"This is pure hypocrisy, but the worst part about it is, think how it falls on the ears in capitals of Europe and the rest of the world and Toyko when the president of the United States says under no condition will we talk to anybody like that, and John McCain, the nominee for the Republican Party, who may very well be president of the United States, is saying the same thing," Biden said.
Mr. Bush's speech at Israel's Knesset spoke of the president of Iran, who has called for the destruction of the U.S. ally. Then, the president said: "Some seem to believe that we should negotiate with the terrorists and radicals, as if some ingenious argument will persuade them they have been wrong all along."
"We have heard this foolish delusion before. As Nazi tanks crossed into Poland in 1939, an American senator declared: 'Lord, if I could only have talked to Hitler, all this might have been avoided.' We have an obligation to call this what it is - the false comfort of appeasement, which has been repeatedly discredited by history," Mr. Bush added.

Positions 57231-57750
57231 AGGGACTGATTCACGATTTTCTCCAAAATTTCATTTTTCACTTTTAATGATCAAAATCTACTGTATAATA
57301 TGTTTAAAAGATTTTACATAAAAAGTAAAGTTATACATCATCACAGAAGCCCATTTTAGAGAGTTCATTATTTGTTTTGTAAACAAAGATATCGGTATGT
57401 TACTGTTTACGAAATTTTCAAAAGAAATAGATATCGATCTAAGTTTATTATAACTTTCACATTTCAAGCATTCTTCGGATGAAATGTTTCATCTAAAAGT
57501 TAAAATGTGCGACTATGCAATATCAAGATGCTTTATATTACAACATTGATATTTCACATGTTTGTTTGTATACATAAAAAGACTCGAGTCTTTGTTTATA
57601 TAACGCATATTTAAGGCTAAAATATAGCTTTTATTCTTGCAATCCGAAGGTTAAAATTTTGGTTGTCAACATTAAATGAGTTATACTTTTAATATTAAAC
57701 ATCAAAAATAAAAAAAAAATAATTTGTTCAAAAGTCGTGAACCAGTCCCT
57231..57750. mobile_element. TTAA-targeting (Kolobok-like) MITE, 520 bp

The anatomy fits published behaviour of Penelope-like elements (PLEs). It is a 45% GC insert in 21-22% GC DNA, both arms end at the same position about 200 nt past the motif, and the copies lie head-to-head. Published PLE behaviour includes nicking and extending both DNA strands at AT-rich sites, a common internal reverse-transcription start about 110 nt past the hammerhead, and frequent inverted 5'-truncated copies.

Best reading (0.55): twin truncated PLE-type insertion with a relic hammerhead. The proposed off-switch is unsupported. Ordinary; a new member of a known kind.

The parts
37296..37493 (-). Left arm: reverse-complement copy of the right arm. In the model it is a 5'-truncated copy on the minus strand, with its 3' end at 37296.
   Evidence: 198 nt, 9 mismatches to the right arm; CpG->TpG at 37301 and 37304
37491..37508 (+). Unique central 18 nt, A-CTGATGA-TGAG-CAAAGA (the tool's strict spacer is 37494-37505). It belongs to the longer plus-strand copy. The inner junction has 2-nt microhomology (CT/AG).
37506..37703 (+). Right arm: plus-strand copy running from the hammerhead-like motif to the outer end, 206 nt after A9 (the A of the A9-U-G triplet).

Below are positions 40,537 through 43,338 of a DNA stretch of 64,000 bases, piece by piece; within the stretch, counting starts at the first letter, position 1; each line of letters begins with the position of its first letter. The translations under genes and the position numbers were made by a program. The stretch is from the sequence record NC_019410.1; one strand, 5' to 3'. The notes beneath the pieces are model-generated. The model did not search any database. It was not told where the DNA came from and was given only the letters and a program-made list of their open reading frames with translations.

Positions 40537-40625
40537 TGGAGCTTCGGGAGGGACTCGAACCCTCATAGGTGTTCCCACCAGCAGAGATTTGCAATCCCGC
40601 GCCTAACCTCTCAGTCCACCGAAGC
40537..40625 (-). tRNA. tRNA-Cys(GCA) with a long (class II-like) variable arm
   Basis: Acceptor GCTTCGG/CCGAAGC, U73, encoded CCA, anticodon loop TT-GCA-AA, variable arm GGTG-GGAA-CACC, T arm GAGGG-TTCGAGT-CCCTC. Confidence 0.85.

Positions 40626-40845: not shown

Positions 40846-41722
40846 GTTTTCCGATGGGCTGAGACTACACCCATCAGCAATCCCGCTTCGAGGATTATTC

The White House denied Mr. Bush had targeted Obama, who said the Republican commander in chief's intent was obvious.
"It is sad that President Bush would use a speech to the Knesset on the 60th anniversary of Israel's independence to launch a false political attack," Obama said in a statement his aides distributed on Thursday. "George Bush knows that I have never supported engagement with terrorists, and the president's extraordinary politicization of foreign policy and the politics of fear do nothing to secure the American people or our stalwart ally Israel.
called Mr. Bush's original comments "offensive and outrageous, especially in light of his failures in foreign policy."
"I have differences with Senator Obama on certain foreign policy matters, but I think we are united in our opposition to the Bush policies and to the continuation of those policies by Senator McCain." Clinton has criticized Obama in the past for his pledge to meet with prominent adversaries of the United States without precondition.